Originally published in Student Life.
As an avid fan of 1988 dark comedy cult film “Heathers,” I was delighted to see that “Heathers: The Musical” was being brought to life by Washington University’s Cast N’ Crew. But despite the talent of the cast and amazing set construction, the show felt flat.
To be fair, there were many aspects of Cast N’ Crew’s show that I loved. The costuming was spectacular; the set was interesting and unique; the lead actress, senior Katie Greenberg, carried well the unattainable characteristics of Veronica and the attention to some details, such as the liquid put in the bottle for Ram to spit out, was great. The show’s plot adhered reasonably well to the movie, and the lines of the characters paralleled dialogue from the film.
Yet, the performance emphasized sentimentality and closeness to character when a rejection of these values caused most of the movie’s charm. The musical puts a Disney spin on the plot in many aspects: Veronica becomes a victim of bullying searching for moral absolutism. JD becomes the damaged teenager stuck in the childish irresponsibility of when his mother died. The gang leader, Heather, posthumously became the misunderstood girl who cared about enriching the lives of others. These character arches, while perfectly acceptable, pale in comparison to the emotionally complex and ambiguous unravelling that the movie portrays.
Instead of emotional and moral complexity, the performance focused more on the shock factor. Between JD and Veronica having sex on stage, Ram and Kurt going around in tighty-whities, Ram and Kurt’s fathers suddenly revealing and reinstating an affair and a frank depiction of sexual assault, the performance often carried the audience along from one strategic plot point to the other—but in a way that felt more like a gimmick than a sincere flow. The performance alternated between large performance numbers and solo- or few-performer songs with little motion.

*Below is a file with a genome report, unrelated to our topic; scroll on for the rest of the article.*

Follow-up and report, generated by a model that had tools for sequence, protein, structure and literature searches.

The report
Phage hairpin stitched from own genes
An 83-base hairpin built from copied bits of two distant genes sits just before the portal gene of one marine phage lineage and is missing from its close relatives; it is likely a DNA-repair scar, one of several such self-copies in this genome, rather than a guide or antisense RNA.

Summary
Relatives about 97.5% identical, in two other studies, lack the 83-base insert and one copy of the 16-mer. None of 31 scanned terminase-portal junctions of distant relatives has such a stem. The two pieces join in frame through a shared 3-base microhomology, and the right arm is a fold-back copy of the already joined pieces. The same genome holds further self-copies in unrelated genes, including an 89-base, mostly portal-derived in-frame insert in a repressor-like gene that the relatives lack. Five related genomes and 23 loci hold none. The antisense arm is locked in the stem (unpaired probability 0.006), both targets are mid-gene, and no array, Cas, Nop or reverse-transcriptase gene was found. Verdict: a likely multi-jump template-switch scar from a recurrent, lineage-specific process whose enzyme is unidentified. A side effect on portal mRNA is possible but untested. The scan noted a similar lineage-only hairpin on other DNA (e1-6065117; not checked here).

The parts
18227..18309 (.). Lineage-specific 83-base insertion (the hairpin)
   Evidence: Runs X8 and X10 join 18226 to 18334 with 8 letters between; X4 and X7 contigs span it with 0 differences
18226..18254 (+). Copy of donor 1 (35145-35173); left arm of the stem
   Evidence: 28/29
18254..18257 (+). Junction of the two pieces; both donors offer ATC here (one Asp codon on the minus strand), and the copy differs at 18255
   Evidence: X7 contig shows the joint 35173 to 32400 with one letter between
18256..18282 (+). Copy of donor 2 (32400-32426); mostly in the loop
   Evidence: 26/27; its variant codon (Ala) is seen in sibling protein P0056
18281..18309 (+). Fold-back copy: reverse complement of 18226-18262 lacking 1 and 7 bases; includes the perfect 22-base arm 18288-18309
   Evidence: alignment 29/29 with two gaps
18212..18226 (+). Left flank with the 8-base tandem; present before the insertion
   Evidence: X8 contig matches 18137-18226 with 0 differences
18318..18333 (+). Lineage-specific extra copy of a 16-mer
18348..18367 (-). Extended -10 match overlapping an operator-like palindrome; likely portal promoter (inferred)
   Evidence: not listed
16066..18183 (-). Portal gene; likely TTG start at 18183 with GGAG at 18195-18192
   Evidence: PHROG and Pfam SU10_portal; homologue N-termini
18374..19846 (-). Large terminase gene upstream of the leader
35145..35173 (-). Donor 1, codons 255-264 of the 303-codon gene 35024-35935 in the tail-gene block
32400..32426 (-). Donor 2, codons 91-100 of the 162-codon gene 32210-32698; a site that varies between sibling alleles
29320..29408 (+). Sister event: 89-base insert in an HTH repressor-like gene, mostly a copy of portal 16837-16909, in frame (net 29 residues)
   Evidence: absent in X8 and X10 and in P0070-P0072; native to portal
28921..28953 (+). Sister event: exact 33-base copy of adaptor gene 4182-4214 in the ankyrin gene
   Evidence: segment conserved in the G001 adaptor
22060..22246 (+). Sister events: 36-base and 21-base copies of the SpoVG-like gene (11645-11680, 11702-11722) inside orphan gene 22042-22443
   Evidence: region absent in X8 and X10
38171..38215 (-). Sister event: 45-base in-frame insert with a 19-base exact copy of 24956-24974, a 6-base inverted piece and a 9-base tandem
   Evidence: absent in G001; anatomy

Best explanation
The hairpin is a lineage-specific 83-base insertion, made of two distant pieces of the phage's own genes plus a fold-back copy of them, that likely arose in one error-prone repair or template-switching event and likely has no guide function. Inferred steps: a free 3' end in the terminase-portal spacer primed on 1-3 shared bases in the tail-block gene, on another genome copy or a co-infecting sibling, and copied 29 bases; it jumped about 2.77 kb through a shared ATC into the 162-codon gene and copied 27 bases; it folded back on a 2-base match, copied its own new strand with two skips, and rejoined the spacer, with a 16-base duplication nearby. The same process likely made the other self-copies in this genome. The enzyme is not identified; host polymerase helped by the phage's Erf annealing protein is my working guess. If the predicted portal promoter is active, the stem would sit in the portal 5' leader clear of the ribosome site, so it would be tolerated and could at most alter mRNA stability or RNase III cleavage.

And that’s not to say that the performers weren’t talented. Martha’s voice was smooth and lovely in “Kindergarten Boyfriend” and all the renditions of “Dead Girl Walking” were wonderful. These great attributes were sometimes paired with either stagnant stage directions or a too-loud pit or ensemble that obscured the main lyrics. The most surprising fault in the show was a lack of consideration of audience perspective. In the Village Black Box, there is a large pole in the middle of the audience that obscures one or two people if they are on an extreme side of the stage; yet, often one character would stand just in my blind spot. The height of the audiences in a shallow gallery also makes scenes on the ground impossible to see for anyone not in the first row. Yet, some important parts, including over a minute of JD and Veronica talking, were on the floor, obscured by the first row.
Though I commend Cast N’ Crew for an ambitious choice and the cast for their talent, I left the Black Box with a feeling that I had gotten an abridged version of “Heathers,” an oversimplification of complex characters and overemphasis on provoking reactions, with swear words or graphic depictions of sexuality. While the performance’s plot paralleled the movie as well as most movie to musical adaptations do, it lacked a rebellion, a feel of counterculture and instability and unpredictability that the film embodied.